My Review: I had some reservations in reading this book because I really hated Eat, Prey, Love — but I thought that maybe Gilbert’s fiction writing would be better than her nonfiction. At first, I had a hard time getting into the story, because I really disliked the main character, Vivian. Vivian was basically a self involved narcissist who thought the world revolved around her — and if she said she was pretty once, she did it 100 times. Vivian was a naive little rich girl — who, if you could believe it, didn’t really seem to know that there was a war on — even though this book takes place during WWII. It actually got a little annoying, how self centered this character was. To be honest, I was kind of feeling a little nostalgic (in a bad way) about Gilbert’s memoir.

At the beginning of the book, Vivian receives a letter from the daughter of an old friend, Angela, who asks Vivian what Vivian had mean to Angela’s dad. Vivian, instead writes a letter back to Angela, explaining what her dad meant to Vivian. The premise seems a little far fetched — I mean, how long was this freaking letter?? Anyway, since the letter was supposed to be about what Angela’s dad meant to Vivian, it was annoying that he wasn’t introduced until after 85% of the story had already been told. I mean, really?

And haven’t we all gotten past the “shock” of thinking of women as “sexual beings”? Sometimes I felt that Gilbert only set the book in the 1940’s so that a woman having a lot of unmarried sex was somehow “shocking”. I felt this way because I never really got the flavor of 1940 in her book, and even though WWII was the biggest thing happening at the time, it played such a minor role in the book that it was as if it didn’t even exist.

Despite my thoughts above, lots of reviews that I have read were actually pretty positive (i.e., Kristin Kraves, Carla Loves to Read, and Theresa Smith Writes. In deciding whether to read this book, you should take both perspectives into account.

What I’m Reading Now:

The themes of the above books are very different. One is a horror novel (Snow) and one is a memoir (Crooked Lines). Neither theme is what I was reading this time 3 years ago, but I am known for my eclectic reading preferences, so it isn’t a surprise.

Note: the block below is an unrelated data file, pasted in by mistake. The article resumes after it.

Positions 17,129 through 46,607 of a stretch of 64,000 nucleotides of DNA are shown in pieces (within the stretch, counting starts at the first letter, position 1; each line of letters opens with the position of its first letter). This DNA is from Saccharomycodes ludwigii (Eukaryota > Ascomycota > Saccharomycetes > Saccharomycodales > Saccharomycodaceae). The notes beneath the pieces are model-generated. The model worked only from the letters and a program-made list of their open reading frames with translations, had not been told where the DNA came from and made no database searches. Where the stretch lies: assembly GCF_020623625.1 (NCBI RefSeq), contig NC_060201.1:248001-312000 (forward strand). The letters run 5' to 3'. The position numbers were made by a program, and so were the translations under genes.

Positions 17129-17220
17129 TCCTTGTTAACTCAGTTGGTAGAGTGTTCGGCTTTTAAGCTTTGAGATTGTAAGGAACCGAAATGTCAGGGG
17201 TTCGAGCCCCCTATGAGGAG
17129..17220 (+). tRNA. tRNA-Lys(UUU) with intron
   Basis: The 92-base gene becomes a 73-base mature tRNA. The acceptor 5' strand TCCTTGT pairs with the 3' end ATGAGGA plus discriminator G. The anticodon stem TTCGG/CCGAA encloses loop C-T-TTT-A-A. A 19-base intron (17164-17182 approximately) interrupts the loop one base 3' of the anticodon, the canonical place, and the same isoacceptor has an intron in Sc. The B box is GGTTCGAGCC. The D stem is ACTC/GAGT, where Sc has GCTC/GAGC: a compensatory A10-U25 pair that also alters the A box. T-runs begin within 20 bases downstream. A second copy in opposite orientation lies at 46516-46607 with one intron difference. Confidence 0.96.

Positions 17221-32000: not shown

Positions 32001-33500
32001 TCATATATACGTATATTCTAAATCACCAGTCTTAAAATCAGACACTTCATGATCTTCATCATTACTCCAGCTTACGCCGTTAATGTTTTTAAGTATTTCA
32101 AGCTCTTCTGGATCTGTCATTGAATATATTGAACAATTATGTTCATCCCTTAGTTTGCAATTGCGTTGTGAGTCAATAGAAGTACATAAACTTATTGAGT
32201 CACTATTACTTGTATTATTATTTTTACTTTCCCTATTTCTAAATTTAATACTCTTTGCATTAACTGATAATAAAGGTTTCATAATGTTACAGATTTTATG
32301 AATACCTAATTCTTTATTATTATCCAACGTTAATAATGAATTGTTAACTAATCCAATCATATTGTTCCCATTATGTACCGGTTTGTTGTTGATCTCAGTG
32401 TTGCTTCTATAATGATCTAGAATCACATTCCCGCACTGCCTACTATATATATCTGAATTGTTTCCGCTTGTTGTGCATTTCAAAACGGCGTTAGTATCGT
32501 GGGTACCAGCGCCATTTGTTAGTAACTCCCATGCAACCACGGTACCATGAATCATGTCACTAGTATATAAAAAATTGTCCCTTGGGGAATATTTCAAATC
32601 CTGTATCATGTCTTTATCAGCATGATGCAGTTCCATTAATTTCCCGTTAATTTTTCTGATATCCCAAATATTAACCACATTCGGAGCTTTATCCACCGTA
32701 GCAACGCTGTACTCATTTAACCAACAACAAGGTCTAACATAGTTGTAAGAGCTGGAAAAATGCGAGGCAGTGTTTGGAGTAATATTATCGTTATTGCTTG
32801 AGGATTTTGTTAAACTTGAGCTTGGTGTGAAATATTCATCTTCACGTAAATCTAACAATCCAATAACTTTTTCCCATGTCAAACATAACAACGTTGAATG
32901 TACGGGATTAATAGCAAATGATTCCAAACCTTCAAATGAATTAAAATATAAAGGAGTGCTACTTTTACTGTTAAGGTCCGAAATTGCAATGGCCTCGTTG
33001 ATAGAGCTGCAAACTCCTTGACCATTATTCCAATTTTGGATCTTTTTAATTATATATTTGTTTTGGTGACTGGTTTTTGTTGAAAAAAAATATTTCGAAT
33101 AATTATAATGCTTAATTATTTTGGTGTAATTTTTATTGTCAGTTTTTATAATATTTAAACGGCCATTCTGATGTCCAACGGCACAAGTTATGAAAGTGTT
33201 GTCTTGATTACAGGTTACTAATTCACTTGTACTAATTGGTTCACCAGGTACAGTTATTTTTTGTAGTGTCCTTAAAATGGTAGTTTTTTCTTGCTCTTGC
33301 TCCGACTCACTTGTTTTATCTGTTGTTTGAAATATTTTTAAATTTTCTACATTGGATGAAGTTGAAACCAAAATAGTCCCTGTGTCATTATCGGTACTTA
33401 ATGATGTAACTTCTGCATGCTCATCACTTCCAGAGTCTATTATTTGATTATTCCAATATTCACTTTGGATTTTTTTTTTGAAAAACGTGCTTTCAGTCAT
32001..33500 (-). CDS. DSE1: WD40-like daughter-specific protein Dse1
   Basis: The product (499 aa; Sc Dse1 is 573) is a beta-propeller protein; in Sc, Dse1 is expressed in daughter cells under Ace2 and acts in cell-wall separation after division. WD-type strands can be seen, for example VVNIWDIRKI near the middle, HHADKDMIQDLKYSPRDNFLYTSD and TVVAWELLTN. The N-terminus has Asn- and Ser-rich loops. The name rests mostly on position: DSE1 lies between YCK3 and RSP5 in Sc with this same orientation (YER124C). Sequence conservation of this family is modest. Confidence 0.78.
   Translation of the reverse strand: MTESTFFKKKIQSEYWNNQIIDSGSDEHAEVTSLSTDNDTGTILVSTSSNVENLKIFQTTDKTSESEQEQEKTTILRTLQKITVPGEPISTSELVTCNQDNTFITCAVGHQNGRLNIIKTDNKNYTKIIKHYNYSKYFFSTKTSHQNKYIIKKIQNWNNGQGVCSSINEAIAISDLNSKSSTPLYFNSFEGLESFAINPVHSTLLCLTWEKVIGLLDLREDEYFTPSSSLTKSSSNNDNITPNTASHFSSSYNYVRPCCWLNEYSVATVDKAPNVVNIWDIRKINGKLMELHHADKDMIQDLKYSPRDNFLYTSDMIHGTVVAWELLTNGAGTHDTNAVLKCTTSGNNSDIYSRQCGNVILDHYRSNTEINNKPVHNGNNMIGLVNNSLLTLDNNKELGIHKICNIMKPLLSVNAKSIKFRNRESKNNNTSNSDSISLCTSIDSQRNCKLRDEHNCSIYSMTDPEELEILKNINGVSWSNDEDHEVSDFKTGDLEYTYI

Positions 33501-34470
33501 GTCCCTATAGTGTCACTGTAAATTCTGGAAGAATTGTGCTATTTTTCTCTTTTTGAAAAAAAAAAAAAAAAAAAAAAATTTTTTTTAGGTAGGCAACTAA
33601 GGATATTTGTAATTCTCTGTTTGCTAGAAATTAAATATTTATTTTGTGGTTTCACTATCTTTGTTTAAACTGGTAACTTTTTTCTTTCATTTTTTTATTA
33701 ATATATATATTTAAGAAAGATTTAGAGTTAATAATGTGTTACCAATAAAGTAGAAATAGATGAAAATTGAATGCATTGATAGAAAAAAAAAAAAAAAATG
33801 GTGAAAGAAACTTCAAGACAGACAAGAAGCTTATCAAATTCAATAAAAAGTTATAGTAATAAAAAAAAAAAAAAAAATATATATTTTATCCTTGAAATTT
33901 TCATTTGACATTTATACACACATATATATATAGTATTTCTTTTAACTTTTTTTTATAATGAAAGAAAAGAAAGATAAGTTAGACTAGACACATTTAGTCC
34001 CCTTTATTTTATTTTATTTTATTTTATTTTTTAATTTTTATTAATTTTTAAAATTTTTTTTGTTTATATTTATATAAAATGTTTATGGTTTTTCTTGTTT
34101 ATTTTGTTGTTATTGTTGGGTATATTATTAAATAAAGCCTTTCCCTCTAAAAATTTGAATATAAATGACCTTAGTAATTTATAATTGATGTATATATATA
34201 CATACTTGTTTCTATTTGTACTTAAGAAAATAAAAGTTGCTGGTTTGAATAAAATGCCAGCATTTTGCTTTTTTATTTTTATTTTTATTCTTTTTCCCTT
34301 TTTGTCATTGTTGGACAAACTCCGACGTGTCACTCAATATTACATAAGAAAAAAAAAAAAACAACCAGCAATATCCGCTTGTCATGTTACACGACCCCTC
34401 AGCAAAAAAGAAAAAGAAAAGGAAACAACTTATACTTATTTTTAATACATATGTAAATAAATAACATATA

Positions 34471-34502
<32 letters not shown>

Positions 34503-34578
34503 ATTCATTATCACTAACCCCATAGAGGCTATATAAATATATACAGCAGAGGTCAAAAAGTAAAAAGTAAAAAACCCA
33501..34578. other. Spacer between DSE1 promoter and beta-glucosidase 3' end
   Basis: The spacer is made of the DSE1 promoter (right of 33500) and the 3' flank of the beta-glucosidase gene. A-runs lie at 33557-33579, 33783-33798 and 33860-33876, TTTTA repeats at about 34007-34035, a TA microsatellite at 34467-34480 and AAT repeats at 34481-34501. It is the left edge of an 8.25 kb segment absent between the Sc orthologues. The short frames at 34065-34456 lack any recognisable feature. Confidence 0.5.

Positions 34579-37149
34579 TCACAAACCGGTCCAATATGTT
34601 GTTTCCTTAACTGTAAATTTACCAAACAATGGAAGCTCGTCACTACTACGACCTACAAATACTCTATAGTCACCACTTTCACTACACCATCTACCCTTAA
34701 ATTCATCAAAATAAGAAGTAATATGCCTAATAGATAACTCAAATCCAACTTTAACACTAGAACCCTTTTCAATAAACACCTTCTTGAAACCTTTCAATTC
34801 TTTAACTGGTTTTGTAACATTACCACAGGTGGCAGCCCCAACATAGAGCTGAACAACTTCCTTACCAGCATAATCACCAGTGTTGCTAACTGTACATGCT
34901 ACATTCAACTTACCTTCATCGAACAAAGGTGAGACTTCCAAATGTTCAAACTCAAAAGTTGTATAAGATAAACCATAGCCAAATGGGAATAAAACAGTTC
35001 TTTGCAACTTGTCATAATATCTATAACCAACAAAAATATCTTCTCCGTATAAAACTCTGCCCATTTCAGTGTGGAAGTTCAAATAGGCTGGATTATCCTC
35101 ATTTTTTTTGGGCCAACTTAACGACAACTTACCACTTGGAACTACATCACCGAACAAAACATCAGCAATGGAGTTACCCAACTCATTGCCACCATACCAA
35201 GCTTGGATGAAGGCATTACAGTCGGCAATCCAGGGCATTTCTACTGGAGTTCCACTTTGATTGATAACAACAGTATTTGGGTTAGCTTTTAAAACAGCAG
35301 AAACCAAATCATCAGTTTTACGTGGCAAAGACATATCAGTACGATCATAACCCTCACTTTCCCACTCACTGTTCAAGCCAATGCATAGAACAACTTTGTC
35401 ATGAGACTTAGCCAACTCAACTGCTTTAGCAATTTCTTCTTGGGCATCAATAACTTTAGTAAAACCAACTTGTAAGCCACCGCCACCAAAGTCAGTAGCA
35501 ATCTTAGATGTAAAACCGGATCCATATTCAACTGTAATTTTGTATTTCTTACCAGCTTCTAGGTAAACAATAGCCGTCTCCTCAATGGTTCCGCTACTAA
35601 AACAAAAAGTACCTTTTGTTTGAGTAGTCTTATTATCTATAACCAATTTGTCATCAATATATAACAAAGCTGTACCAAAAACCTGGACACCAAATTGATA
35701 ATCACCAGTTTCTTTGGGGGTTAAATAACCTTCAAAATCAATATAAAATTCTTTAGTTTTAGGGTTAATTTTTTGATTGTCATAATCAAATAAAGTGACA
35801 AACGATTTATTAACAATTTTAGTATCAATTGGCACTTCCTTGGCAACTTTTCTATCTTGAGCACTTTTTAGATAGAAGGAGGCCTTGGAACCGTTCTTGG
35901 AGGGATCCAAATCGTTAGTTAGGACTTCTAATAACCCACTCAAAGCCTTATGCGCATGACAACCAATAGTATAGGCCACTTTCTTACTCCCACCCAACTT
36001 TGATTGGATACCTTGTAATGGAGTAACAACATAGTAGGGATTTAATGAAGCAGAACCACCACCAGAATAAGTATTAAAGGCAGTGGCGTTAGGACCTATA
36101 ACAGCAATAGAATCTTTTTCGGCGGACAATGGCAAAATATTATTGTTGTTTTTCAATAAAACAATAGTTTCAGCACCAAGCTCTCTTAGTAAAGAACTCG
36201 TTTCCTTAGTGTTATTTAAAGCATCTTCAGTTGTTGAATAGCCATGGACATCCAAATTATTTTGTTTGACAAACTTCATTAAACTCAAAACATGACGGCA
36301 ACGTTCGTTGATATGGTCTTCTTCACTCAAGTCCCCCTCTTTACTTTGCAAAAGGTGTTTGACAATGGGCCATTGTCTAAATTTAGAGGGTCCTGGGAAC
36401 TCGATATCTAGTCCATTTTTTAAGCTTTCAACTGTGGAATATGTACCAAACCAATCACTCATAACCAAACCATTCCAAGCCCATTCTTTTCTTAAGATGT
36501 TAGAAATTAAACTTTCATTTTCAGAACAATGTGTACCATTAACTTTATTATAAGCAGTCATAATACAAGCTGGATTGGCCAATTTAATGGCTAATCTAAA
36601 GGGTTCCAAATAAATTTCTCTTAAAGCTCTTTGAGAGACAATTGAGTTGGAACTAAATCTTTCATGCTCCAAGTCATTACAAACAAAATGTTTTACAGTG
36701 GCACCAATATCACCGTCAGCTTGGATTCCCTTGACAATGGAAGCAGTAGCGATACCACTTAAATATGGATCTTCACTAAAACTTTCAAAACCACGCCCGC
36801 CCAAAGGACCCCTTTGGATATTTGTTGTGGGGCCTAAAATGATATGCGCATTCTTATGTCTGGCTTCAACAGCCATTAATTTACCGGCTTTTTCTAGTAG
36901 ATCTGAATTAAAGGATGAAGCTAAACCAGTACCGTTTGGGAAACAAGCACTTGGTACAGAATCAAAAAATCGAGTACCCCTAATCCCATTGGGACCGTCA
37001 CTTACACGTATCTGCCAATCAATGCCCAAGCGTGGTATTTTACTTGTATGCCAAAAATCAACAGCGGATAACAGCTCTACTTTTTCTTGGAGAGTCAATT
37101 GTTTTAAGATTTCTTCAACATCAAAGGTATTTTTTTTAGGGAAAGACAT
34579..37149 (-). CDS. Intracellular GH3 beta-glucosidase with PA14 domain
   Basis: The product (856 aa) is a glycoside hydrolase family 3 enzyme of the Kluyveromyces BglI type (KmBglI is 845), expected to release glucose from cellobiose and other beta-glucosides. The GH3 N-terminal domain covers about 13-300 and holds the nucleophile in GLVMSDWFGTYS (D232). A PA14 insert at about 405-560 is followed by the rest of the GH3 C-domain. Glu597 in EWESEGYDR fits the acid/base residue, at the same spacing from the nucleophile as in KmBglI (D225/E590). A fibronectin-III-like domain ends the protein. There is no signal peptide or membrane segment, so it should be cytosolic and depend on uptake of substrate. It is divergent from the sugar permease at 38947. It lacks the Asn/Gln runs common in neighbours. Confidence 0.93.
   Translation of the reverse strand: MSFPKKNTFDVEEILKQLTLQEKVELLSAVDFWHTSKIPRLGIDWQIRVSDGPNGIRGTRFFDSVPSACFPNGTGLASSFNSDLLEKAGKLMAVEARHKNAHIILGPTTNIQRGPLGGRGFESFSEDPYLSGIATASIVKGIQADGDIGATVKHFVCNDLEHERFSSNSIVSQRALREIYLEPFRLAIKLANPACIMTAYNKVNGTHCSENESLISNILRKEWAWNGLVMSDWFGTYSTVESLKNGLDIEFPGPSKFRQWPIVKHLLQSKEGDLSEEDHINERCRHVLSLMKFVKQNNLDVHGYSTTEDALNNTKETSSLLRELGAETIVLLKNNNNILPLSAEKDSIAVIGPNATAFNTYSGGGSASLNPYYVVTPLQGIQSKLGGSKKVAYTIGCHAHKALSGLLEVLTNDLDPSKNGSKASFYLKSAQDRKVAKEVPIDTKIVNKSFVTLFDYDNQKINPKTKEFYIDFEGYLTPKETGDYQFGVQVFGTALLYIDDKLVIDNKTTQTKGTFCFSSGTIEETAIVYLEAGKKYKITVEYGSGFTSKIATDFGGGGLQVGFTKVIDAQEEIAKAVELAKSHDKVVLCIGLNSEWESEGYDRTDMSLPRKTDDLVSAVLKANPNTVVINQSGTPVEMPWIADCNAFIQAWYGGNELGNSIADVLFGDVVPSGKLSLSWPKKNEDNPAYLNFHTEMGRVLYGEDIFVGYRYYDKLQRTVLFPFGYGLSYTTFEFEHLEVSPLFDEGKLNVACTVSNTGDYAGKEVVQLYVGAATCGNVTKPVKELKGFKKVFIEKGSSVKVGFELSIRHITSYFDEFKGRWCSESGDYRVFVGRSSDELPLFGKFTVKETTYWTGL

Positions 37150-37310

Snow by Ronald Malfi

Todd Curry wants nothing more than to spend Christmas with his son. But when a brutal snowstorm cancels his flight from Chicago to Des Moines, Todd and a few other stranded passengers decide to rent a Jeep and make the trip on their own.

During the drive, they pick up a man wandering through the snow, who claims to be searching for his lost daughter. He is disoriented and his story seems peculiar. Strangest of all are the mysterious slashes cut into the back of the man’s coat, straight down to the flesh…

When they arrive at the nearest town, it appears deserted. Windows dark, car abandoned, fired burning unattended. But Todd and the rest of the travelers soon learn the town is far from deserted, and that they are being watched…

Crooked Lines by Jenna Zark

When you part company with the life you’ve been living, how do you start a new one?

While trying to sort out the answer to this question-along with the question of what being Jewish meant to her-Zark began writing. This book was born of the journey. Married to the cantor of a Jewish synagogue, trying to fit in to a life she hadn’t anticipated, Jenna Zark is completely unprepared when her marriage falls apart. Now staring down the prospect of being a single mom, Zark has to decide if and how to work with her former husband, now co-parent, to give her son a Jewish heritage. While the holidays and rituals in these pages are Jewish, the theme is universal and familiar for anyone who has ever experienced lifetransforming loss. Crooked Lines is Jenna Zark’s honest and compelling story of navigating divorce, single parenthood, interfaith marriage, and losing parents while holding on to one’s humor and traditions.